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- 13 05 2003 - 21:36 - katatonik

Monological dialogues with scholarly literature, pt.1

“Another group of persons who take a nonhistorical approach to texts consists of some of the literary critics who follow those schools of critical thought that emphasize readers’ responses over authors’ intentions or that deny the past as a useful concept.”

The emphasis would have to be on “some”, I guess, since it is quite possible that someone who considers readers’ responses as more important (in what context? for what?) than an author’s intention may take a historical approach to a text. Editors of texts who insist on editing a text that was actually read by a certain audience, as opposed to one ideally conceived in an author’s mind, would arguably take a historical approach, no? And what’s with denying “the past as a useful concept”? Who does that? Where? When? How?

”...But whenever they [i.e. such nonhistorically minded persons] have felt obliged to accept the texts provided to them – whenever, that is, they have accepted texts unquestioningly, as they often have – they have been linked by their failure to deal satisfactorily with a difficult conceptual problem: how to justify taking some historical considerations as relevant and others as not relevant.New Critics, for example, were inclined to dismiss authors’ intended meanings but often accepted texts as products of particular period and authors – sometimes texts that were prepared by scholarly editors to reflect authorial intention.”

Here’s a thought, yes: that editions of texts are prepared with a particular purpose, that this purpose determines method, and that this method has consequences for how a text can be used. An edition of a classical Sanskrit text, for instance, which aims at the text read by a certain audience in the 8th century in India, cannot be used for determining that text’s interpretation in the 15th century. An edition of a poem which aims to get close to the earliest version considered finished by the poet will not be of use to someone interested in response to the fifth, revised version published by evil heirs twenty years later.Anyone who foolishly uses texts in this way neglects, as you say, “to recognize that the act of reading necessitates a critical approach to the text as well as to the meaning”.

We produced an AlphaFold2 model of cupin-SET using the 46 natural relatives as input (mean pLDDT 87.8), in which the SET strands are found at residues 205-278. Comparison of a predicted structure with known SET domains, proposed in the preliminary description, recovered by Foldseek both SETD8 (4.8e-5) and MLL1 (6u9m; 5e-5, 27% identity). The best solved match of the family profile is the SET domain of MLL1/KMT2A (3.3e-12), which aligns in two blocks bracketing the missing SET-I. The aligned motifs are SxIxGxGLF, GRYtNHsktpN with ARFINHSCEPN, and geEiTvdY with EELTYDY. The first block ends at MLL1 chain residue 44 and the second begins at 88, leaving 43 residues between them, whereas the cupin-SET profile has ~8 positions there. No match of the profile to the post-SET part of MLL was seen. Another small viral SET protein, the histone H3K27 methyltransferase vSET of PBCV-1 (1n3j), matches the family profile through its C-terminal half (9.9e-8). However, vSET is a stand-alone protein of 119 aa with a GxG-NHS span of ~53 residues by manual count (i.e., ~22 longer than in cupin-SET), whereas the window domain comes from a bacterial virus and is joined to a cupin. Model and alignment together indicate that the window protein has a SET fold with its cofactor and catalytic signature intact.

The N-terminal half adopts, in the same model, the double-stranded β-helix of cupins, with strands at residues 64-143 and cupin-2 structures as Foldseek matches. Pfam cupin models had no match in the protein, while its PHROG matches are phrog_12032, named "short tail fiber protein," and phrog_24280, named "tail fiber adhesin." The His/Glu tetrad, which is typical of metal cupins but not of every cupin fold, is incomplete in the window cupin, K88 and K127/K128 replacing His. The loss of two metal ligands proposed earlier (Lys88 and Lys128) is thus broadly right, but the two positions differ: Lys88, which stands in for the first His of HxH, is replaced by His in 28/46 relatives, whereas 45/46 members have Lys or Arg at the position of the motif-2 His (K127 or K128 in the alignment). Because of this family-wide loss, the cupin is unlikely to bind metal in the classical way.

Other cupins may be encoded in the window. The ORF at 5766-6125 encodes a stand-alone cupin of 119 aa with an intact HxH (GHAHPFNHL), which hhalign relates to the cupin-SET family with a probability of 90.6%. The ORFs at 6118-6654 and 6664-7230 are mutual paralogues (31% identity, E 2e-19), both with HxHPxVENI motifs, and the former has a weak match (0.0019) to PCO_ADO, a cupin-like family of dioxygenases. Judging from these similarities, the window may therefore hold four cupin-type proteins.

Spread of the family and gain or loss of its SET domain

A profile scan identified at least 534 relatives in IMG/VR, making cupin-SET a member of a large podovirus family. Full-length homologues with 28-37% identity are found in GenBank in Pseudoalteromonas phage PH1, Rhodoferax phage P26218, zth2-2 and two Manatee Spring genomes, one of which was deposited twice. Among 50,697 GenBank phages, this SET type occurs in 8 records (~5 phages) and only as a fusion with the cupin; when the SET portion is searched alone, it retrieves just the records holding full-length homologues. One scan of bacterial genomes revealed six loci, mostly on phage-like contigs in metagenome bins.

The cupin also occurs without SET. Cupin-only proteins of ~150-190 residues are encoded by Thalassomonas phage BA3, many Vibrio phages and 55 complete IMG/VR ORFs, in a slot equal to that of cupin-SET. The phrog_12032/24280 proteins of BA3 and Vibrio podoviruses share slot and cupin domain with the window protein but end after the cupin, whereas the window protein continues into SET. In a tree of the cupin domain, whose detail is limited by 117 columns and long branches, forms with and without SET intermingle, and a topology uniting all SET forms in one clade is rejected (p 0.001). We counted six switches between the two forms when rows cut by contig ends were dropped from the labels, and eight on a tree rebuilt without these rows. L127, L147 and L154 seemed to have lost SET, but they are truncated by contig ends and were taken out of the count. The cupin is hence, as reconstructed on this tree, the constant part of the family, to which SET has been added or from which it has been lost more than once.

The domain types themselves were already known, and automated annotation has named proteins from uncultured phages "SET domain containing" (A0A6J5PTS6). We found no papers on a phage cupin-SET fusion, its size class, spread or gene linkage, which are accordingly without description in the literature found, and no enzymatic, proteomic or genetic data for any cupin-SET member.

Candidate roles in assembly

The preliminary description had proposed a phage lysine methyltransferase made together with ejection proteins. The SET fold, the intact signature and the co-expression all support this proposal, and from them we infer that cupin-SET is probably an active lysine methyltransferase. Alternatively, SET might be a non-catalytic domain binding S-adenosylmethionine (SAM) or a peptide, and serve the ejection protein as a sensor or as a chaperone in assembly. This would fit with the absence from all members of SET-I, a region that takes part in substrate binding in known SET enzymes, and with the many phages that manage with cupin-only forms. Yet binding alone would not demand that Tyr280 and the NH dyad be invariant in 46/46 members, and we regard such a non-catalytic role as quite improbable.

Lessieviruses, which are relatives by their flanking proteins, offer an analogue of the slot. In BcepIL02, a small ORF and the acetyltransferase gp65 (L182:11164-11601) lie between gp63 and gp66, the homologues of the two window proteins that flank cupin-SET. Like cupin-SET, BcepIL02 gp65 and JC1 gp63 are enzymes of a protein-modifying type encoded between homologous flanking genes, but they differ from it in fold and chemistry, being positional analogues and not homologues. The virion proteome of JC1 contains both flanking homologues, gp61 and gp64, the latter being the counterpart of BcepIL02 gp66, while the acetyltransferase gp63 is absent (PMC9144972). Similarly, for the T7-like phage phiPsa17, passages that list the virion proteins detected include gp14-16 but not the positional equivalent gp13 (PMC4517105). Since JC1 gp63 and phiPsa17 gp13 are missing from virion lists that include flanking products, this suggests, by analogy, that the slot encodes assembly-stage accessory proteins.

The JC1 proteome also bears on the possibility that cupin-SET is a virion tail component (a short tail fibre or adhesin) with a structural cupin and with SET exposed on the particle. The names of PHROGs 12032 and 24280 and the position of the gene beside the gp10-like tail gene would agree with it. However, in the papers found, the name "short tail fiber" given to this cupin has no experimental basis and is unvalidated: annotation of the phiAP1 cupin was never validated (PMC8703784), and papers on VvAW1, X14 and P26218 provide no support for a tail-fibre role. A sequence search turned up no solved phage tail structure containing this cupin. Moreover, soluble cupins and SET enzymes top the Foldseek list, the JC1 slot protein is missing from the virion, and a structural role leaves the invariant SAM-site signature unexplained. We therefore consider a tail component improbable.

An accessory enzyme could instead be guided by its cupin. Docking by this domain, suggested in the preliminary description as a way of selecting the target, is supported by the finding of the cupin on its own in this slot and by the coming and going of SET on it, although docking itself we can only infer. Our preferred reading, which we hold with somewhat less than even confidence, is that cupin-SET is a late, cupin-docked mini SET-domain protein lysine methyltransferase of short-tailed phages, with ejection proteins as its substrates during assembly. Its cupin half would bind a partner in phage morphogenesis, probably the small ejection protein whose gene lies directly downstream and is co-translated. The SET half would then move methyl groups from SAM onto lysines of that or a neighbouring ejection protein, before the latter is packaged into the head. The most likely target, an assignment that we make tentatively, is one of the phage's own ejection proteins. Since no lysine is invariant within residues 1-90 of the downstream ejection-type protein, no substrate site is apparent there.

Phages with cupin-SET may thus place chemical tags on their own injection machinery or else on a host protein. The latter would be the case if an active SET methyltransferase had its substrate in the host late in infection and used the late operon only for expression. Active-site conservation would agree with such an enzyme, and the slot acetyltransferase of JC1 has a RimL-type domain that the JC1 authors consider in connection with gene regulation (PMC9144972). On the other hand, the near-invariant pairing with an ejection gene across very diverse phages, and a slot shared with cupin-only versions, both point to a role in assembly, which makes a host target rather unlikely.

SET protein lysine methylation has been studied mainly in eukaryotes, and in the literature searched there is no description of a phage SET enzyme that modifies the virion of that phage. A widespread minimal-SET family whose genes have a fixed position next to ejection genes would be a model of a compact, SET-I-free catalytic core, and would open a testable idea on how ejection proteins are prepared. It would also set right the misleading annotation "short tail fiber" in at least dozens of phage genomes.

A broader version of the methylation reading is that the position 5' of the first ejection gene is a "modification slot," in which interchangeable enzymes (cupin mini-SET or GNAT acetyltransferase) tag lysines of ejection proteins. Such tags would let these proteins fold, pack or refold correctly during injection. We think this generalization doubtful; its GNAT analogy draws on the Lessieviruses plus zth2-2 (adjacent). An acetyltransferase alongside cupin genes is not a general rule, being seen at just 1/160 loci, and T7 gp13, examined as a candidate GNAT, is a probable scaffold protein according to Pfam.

But what does this tell us about nonhistoricity? Can the conceptual failure described here not better be described as a failure to understand historicity in its consequences for reading and interpreting texts? Not “nonhistorical”, but ignorant of historicity? And why is the problem here justifying which historical considerations are relevant and which aren’t?

And, now that I think of it: what do you mean with “nonhistorical” anyway? A few pages earlier you exemplified a nonhistorical approach to texts with the one taken by a modern editor of a modern text intending to improve the text according to certain standards (orthography, marketability), as opposed to a historical approach taken by, for lack of a better term, scholarly editors.What this has in common with New Critics except that it’s not scholarly editing is beyond me.

Silent dialogue partner: G. Thomas Tanselle, “The Varieties of Scholarly Editing”. In: D.C. Greetham, “Scholarly Editing. A Guide to Research”. New York 1995: The Modern Language Association of America, pp.9-32.

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